Race car drivers have long memories.
But in the Verizon IndyCar Series, it’s best to forget. There’s just not much you can do about getting back at somebody on the track.
“I’m not sure it’s a battle you want to be in,” Marco Andretti said. “You don’t know if you’re not going to end up with the worst end of the stick.”
But two races into the season, there is so much to remember — at least for three drivers coming out of the Grand Prix of Long Beach two weeks ago.
Justin Wilson got annoyed by Scott Dixon’s aggressiveness. Simon Pagenaud walked away steamed at Will Power. And James Hinchliffe could barely hide his displeasure with teammate Ryan Hunter-Reay.
They all had a right to be mad. They all have a right to do something about it.
But in cars without fenders, when a touch of wheels at 200 mph could lead to disaster, it is a tall order to retaliate on the track. By Sunday, when the series visits Barber Motorsports Park in Birmingham, Ala., the offended parties will have to have gotten over it.
Unless they want to risk hurting themselves, other drivers, or spectators.
They have trained themselves to forget it.
“I think we all have that, where we’re able to switch mentalities,” Andretti said. “I don’t remember in my career where I’m like, ‘I’m going to take this guy out — I owe him one.’ That can’t happen without bumpers. Would our mentality be different with bumpers? Possibly.”
No matter how smart it seems, it is hard to forget entirely.
“I’ve been mad at people. I’ve had people mad at me, as well,” driver Tony Kanaan said. “It is what it is. I tell you what — if you have an incident with somebody, when you see him at the track, you’re definitely thinking, ‘What’s going to happen now?’ whether I did it to the guy or vice versa.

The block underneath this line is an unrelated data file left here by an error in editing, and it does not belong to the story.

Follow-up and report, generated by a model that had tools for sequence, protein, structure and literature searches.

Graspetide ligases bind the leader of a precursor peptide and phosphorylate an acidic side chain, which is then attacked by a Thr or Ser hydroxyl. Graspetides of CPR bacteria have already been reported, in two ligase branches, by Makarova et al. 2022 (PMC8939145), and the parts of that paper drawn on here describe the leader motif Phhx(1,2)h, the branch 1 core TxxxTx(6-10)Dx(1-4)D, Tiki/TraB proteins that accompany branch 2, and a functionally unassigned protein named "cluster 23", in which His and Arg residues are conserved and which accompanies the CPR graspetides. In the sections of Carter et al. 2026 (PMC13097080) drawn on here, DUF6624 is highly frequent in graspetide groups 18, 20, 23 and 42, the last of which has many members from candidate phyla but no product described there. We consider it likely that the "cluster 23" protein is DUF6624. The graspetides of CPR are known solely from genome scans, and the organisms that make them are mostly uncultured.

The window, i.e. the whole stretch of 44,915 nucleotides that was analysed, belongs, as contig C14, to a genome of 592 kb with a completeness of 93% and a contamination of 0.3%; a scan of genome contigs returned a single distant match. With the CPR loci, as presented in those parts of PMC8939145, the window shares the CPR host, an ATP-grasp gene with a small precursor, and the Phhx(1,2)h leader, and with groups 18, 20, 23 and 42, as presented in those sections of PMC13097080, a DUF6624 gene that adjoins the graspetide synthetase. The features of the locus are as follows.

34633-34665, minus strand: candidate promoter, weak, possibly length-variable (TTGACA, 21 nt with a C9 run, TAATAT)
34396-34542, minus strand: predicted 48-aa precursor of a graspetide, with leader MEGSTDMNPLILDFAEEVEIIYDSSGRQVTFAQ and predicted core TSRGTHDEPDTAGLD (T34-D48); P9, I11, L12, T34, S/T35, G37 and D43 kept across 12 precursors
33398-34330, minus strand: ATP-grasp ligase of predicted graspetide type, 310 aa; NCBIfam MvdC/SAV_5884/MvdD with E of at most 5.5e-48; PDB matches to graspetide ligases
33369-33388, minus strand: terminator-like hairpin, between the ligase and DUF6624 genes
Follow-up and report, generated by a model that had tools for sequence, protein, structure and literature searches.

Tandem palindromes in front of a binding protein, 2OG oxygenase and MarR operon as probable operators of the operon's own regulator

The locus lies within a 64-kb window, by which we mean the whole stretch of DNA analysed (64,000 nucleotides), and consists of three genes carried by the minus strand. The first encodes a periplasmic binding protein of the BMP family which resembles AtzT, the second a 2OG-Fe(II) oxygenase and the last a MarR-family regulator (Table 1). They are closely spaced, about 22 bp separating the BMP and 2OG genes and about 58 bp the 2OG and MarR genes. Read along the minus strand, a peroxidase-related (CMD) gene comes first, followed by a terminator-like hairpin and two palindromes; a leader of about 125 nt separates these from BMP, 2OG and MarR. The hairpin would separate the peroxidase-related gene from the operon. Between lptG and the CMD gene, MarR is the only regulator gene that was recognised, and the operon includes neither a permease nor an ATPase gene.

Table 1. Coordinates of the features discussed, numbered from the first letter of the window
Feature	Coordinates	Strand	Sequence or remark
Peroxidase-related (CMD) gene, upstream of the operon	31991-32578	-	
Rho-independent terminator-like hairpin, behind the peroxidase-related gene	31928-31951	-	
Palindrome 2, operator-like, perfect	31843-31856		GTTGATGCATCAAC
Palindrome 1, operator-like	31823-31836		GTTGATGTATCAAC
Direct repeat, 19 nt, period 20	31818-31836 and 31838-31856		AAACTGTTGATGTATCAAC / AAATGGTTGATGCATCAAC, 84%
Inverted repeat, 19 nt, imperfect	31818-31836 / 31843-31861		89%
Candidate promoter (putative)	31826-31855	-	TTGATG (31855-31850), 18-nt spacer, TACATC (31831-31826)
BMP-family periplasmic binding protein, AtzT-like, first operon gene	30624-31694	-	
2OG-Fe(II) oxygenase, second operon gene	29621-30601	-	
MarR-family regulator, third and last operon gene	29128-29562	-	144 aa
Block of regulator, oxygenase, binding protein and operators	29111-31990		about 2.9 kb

“But with our type of cars, it’s too dangerous. It’s too exposed. You can’t just run into somebody and pretend that nothing is going to happen.”
None of the drivers, speaking at a testing session at Texas Motor Speedway last week, named any specific way to send a message on the track. It could be that the best revenge is success.
“It’s tough competition,” said defending series champion Scott Dixon. “Sometimes you’re the window, and sometimes you’re the bug. My situation with Justin wasn’t intentional. It’s just racing — confined streets, everybody’s driving for a win; it’s a part of racing, unfortunately. As TK said, you just got to get over it, whether you’re the victim or the person who caused it. What goes around comes around.”
Power said driver conflicts will happen all year, and they will have to be forgotten all year.
“It’s racing. These things happen,” he said. “It’s going to happen all year between people. Just got to forget about it. Move on.”
If there is a chance for retaliation, it is best on a street or road course, where the speeds are slower and there are more protection zones and buffers around the track. But retaliation takes planning, and as Andretti said, that takes mental energy away from the racing.
“Maybe karma will take care of it, maybe it won’t,” he said. “But just worry about your program. As soon as you’re worried about somebody else’s program, your mind’s not where it needs to be.”